Speaker: J. Kane Shenton
Time: November 28, 2019 :: 2:00PM - 3:00PM
Muon spin spectroscopy (µSR), a technique in which spin-polarised positive muons are implanted into a material, has been successfully used to study a wide range of materials. Interpreting µSR spectra, however, often requires knowledge of the precise muon stopping site(s) in the material. In this talk, I will outline our approach to finding muon stopping sites using density functional theory (DFT). We have recently applied this approach to the prototypical linear magnetoelectric, Cr₂O₃. We find that the positively charged muon occupies several distinct interstitial sites, and displays a rich dynamic behaviour involving local hopping, thermally activated site transitions and the formation of a charge-neutral complex composed of a muon and an electron polaron. Using this work as a case study, I will highlight several challenges to modelling muons in magnetic materials and offer some approaches to overcoming these challenges.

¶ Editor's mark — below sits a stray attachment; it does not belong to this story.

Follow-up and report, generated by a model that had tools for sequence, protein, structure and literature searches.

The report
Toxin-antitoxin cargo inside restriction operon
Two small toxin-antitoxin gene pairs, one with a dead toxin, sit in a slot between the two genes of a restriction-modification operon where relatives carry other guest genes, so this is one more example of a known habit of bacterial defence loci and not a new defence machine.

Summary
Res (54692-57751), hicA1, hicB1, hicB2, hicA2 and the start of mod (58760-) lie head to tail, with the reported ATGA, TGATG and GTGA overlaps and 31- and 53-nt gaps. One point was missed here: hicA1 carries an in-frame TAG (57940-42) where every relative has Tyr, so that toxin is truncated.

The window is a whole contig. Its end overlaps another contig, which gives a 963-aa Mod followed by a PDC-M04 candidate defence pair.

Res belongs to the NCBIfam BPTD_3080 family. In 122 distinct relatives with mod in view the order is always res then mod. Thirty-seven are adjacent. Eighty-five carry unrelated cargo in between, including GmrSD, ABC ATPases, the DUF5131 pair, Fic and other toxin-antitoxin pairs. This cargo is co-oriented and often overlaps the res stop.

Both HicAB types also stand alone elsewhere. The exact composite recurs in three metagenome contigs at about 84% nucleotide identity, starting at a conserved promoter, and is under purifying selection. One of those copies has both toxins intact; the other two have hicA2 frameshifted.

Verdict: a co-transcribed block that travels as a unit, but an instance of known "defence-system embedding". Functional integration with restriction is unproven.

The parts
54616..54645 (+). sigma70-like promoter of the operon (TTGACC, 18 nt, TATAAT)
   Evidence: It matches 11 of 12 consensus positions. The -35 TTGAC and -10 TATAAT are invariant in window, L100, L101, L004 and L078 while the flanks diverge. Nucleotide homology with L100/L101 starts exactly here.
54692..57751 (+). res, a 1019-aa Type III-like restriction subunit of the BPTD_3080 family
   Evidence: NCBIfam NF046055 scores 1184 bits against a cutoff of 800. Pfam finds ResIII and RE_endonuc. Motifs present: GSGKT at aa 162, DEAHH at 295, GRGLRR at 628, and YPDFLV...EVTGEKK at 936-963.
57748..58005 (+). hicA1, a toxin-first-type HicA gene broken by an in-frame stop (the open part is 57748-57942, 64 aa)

J. Kane Shenton is a postdoctoral researcher in the group of Nicola A. Spaldin at ETH Zurich where he works on the theory and simulation of magnetic and multiferroic materials. Kane has worked closely with the Kiefl group at UBC/TRIUMF/SB-QMI on developing methods to model muons in materials. These methods can aid in the interpretation of µSR spectra and expand our understanding of the doping characteristics of hydrogen defects in magnetic materials. Kane obtained his PhD, on understanding structure-function relationships in bismuth ferrite, from University College London (UCL) in 2018, under the supervision of David R. Bowler and Wei Li Cheah.